I think back to our internet chemistry… Elliot wasn’t telling me we have so much in common, he was just telling me that we could. Soon. Once I tell him what to like.


To my disappointment, I’m actually heartbroken. Watching this figment of my imagination dissolve, I feel like I’m going through a real break up. But with an imaginary person. Which makes it that much worse.


Kids, let this be a cautionary tale. After this experience I approached each new date with a perhaps aggressive level of skepticism, aware of the pitfalls of Internet-based rose-colored glasses. And I still managed to screw things up a few more times. It’s a jungle out there.



Your Father Isn’t… Oliver

31 Oct

Sorry guys… things are going to get un-chronological for a bit. I’ve got backlogged dates (yea, I know, it’s awful) from various points in my dating career and since I screwed up my blogging research by meeting someone awesome, this is what you get. Enjoy! This one is from this summer, not too long after I moved to New Jersey.


Oliver surprises me. After only two online messages of the terribly mundane variety, he invites me out for a drink. Since I’ve got nothing else to do, I say yes.

In his profile picture, Oliver is really quite attractive but in person he looks like Mr. Clean’s completely average, red-eyebrowed cousin. Of course, a completely average looking guy who photographs well seems like a step up from past dates, so I’m pretty pleased with my choice.


The bar we meet at has an awesome sign out front, “If you can’t stop in, smile as you drive past!” I immediately love this little pub, so I’m feeling very at home while I wait for him to arrive.

He’s late enough that by the time he arrives he has to explain why he’s soaking wet; it was still sunny when I arrived. As the raindrops on his bald head sparkle in the overhead lights, I make a mental note that my love of all things shiny does not extend to scalps.

Oliver is another case of ‘perfect on paper.’ We have so much in common that we breeze through typical date conversations because we just agree and move on. In some ways, it’s great. The talk flows from topic to topic with little effort and I’m genuinely impressed with Oliver.

Trouble starts when we start talking about work and graduate school. I’m in the 5th circle of MBA application hell and he’s just finished his MBA, so he has plenty of advice. At first, it’s great. Business school is pretty much all I can think about these days and I’ve finally found someone who can speak the language… if he would let me.

It takes about ten minutes to realize that he hasn’t asked a single question about my plans for business school. Instead, he has been talking in a breathless stream about his various accomplishments, from grad schools he had been considering to promotions at work to trophies earned in athletic events that I’m fairly certain took place in elementary school. Without even pausing to find out if I had a snowball’s chance in hell of getting into the schools I mentioned when I first broached the topic, he launched into the braggiest humble-brag I’ve ever encountered… and I lived in DC for eight years.

When he starts bragging about his 2-year-old nephew as a personal accomplishment (Oliver sees him twice a year, but “my brother’s not the brightest, so I teach the kid most of what he knows”), I make a break for the bathroom. When he brags about his uncle installing the hand-driers in the bar’s bathrooms, I motion for the check.

Oliver hugs me goodbye and confidently tells me he’s looking forward to our second date, assured that the hard part is over now that I have heard the litany of his awesomeness. The storm has passed by the time we leave the bar and a beautiful sunset glows across the parking lot, its pink and purple rays reflecting off Oliver’s glistening head as he walks to his car.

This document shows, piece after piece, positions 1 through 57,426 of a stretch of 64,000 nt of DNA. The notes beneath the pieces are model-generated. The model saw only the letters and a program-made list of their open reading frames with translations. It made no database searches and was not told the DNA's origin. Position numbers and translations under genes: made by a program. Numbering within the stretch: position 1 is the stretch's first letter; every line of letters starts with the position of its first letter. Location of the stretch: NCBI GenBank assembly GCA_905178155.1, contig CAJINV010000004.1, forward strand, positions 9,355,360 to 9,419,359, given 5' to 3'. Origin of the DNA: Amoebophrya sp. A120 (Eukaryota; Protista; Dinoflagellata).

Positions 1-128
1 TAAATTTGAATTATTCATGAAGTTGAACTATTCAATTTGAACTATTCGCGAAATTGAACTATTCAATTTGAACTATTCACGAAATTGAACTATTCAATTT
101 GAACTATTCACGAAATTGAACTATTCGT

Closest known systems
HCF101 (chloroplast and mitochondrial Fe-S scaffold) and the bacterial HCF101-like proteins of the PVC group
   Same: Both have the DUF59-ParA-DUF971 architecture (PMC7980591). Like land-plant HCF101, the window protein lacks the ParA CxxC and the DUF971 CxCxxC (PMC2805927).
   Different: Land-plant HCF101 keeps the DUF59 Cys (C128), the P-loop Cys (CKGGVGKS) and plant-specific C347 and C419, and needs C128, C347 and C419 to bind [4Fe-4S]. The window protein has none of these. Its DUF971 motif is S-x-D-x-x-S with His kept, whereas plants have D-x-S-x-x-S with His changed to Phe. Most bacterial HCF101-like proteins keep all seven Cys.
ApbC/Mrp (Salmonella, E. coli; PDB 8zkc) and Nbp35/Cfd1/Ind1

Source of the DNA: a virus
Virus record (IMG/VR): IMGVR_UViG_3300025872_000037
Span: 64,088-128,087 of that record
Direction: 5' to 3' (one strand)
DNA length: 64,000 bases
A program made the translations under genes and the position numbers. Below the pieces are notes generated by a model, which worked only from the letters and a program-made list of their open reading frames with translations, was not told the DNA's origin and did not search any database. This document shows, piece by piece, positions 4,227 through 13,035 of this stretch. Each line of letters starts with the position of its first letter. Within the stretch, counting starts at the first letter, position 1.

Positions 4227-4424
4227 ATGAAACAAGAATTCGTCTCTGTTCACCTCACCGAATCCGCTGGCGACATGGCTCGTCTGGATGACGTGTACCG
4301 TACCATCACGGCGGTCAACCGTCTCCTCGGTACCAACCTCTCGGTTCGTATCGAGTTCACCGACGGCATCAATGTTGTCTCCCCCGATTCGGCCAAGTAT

Kids, Oliver is not your father. Your dad will be so awesome that he won’t need to tell anyone about it. People will just know.

Your Father Isn’t…Bill

30 Jun

Do you remember the last time you ate white bread? Does any memory of actually eating white bread really stand out to you? I have a distinct memory of smooshing white bread into a tight little ball, but never of eating it. I can describe it’s appearance, the texture and weight in my hand, feeling it stuck to the roof of my mouth. But actual taste? It’s like someone erased the memory. It’s a total blank for me. Or, more likely, it’s been overpowered by all the competing stimuli that are so much more memorable.

I bet you see where this is going.


Bill asks me out and I suggest drinks or coffee. He proposes coffee on Sunday afternoon at Starbucks. I’m deeply reminiscing over my first date ever (I was 12), also at a Starbucks, so I don’t immediately notice when Bill walks in. We order iced teas because it’s one of those balmy, moist late-June evenings and anything else would have been absurd, then grab seats by the window.

We chat as I watch a woman walk her cockapoo past the Starbucks four or five times. Bill and I actually have a fair bit in common, such as swimming which I’m trying to get back into, and growing up in the area/still being here (I’d like to clarify that at one point, for a long while, I DID leave. I’m just back now. I’m not bitter or anything). A group of young girls come in, hugging each other and squealing like they’ve spotted Justin Bieber. I alternate between wondering where one got her yellow shorts and the legality of banning caffeine for 13 year olds.

The sky is beautiful as the sun starts to set. We’d had storms not too long before and the clouds are those wild, thick, puffy ones… dark underneath but the top turning brilliant shades of pink and purple that deepen as we talk.

Bill suggests we go for a walk and like a true gentleman, he always lets me go first… through doors, when the sidewalk narrows, when we have to get around a group of teenagers with an enthusiastic German Shepherd outside an ice cream shop. He deftly sidesteps most awkward pauses (there are a few, as with any first date) and he laughs while telling me about an old man wearing a tshirt that says, “I suffer from CRS… Can’t Remember Stuff.” He didn’t see the old man, he just saw a picture of it online, but old people are funny.